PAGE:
There are several problems with the focus on income. The first is that income is only one measure of wealth — assets are of at least equal importance. Contrast, for example, 1) an individual who earns $300,000 tax free from a $10 million portfolio of municipal bonds, with 2) a dual income family earning $300,000 in taxable income, the expenses associated with 2 commuters, child care required with both parents working out of the house, etc. Both households report the same level of pre-tax income, but are in decidedly different financial positions. Studies which adjust for taxes still fail to adjust for assets.
The other issue of importance is the recognition that costs of living vary widely in the United States. The Administration has picked the $250,000 household income level as defining wealth. Just what does that mean in terms of quality of life? I played around with the “salary wizard” feature of salary.com, which allows you to find typical salary levels for jobs in different parts of the country. I coupled that with some home searches on Realtor.com and some knowledge of New York City neighborhoods to produce a hypothetical household income/house scenario:
1) Consider a married couple, each employed as principals in the New York City school system. If one assumes that seniority, education and competence are above average, it is not hard to imagine them each making $125,000 — this would be slightly above the bottom of the 1st quartile pay ($121K) for these jobs.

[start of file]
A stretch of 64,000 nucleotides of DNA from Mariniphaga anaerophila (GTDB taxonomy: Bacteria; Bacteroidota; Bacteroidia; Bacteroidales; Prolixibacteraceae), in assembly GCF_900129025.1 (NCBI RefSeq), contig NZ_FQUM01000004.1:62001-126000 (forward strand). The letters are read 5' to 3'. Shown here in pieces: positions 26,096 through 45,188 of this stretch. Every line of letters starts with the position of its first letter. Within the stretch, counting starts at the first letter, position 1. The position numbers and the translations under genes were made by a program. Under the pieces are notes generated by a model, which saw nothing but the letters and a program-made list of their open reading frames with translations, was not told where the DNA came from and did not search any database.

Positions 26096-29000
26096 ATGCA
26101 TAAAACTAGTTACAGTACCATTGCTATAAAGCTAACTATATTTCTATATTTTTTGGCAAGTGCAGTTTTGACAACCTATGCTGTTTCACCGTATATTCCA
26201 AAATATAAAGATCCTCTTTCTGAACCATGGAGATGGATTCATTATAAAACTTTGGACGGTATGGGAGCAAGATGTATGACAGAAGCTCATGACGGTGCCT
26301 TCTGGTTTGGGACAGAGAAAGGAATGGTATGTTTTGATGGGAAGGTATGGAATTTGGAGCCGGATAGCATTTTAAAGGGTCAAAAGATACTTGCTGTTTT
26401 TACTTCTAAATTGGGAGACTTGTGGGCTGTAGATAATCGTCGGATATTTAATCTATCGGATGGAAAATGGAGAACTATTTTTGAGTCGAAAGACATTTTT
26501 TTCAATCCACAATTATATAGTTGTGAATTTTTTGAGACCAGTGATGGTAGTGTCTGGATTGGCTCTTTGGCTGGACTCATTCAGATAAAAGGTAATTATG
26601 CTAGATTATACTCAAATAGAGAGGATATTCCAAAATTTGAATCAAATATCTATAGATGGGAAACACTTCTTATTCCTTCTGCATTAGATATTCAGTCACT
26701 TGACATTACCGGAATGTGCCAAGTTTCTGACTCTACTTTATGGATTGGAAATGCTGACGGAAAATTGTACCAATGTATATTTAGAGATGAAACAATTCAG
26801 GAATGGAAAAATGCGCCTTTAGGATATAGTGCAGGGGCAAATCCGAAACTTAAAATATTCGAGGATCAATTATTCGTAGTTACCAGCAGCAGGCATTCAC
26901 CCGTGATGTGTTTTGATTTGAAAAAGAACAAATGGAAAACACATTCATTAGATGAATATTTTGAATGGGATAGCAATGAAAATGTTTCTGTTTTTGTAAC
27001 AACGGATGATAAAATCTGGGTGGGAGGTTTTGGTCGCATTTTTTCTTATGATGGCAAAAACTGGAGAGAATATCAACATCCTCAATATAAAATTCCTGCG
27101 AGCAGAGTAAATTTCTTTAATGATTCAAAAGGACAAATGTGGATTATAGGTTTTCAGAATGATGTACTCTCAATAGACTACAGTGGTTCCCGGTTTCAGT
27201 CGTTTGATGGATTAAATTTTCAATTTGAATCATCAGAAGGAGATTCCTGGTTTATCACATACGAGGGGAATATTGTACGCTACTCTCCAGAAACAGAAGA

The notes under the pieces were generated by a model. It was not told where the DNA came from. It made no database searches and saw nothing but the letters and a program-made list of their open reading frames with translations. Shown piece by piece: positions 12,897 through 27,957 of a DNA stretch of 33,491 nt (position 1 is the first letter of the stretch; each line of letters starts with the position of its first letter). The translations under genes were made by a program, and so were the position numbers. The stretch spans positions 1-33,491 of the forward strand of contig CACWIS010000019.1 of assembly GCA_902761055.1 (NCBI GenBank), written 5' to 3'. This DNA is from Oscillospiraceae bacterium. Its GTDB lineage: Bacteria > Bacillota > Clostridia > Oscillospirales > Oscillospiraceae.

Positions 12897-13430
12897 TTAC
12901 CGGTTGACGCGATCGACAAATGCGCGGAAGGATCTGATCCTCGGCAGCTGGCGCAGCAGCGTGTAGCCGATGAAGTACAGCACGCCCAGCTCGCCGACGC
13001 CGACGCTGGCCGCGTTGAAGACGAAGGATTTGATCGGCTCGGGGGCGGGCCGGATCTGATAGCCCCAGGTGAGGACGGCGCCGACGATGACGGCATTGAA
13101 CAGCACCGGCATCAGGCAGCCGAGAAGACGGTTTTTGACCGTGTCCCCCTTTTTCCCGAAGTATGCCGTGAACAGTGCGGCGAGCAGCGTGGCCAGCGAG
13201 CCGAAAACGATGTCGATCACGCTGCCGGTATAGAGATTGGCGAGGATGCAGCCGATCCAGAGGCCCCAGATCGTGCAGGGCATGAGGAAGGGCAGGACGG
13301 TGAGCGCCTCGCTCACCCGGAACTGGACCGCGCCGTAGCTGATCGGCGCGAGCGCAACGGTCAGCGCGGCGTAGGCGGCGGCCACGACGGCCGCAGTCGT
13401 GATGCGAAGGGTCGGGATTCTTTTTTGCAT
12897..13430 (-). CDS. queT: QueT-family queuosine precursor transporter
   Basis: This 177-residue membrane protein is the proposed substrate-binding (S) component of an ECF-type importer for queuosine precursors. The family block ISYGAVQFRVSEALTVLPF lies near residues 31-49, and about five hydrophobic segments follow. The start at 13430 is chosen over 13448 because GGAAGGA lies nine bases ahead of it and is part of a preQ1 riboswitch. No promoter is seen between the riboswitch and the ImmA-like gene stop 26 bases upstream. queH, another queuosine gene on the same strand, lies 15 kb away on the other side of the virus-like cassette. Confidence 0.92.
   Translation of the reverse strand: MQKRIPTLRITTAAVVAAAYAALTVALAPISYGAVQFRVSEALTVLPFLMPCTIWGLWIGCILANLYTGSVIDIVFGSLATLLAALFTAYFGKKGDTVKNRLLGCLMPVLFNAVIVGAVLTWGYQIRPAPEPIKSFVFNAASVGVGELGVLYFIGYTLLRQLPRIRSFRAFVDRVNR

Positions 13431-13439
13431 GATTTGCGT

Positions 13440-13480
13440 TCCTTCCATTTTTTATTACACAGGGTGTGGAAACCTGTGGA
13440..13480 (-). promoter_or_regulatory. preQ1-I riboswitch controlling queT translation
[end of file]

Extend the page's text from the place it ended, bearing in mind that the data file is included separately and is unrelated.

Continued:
2) I assumed our pair of principals wanted a decent neighborhood with good public schools within the city — I chose Bayside, a neighborhood in Queens. I would think of Bayside as a nice neighborhood, but middle class, not deluxe. It tends to be somewhat more expensive than comparable neighborhoods, largely becuase the public schools are among the City’s best, which I assumed would be of importance to our principals. Looking at their income, I looked at 4 bedroom, 2-bath homes in the $600-$650K range. Here’s what they could buy for $639,000: a 1925, 4-bedroom, 2-bath home with 1,536 square feet on 0.06 acres:
On top of the mortgage payment for this home (Realtor.com estimates the monthly payment at $3,344), our principals would be paying some of the highest local taxes in the country, high commuting costs, and generally high living expenses found in major metropolitan areas. People in positions that provide household earnings over $250,000 typically have advanced degrees which may have been financed through loans which need to be repaid.
Most people buy into the concept that, “everyone should pay their fair share.” Unfortunately, income alone is a poor measure for determining what’s fair, and in many, many cases, it’s a decidedly unfair way to approach this issue.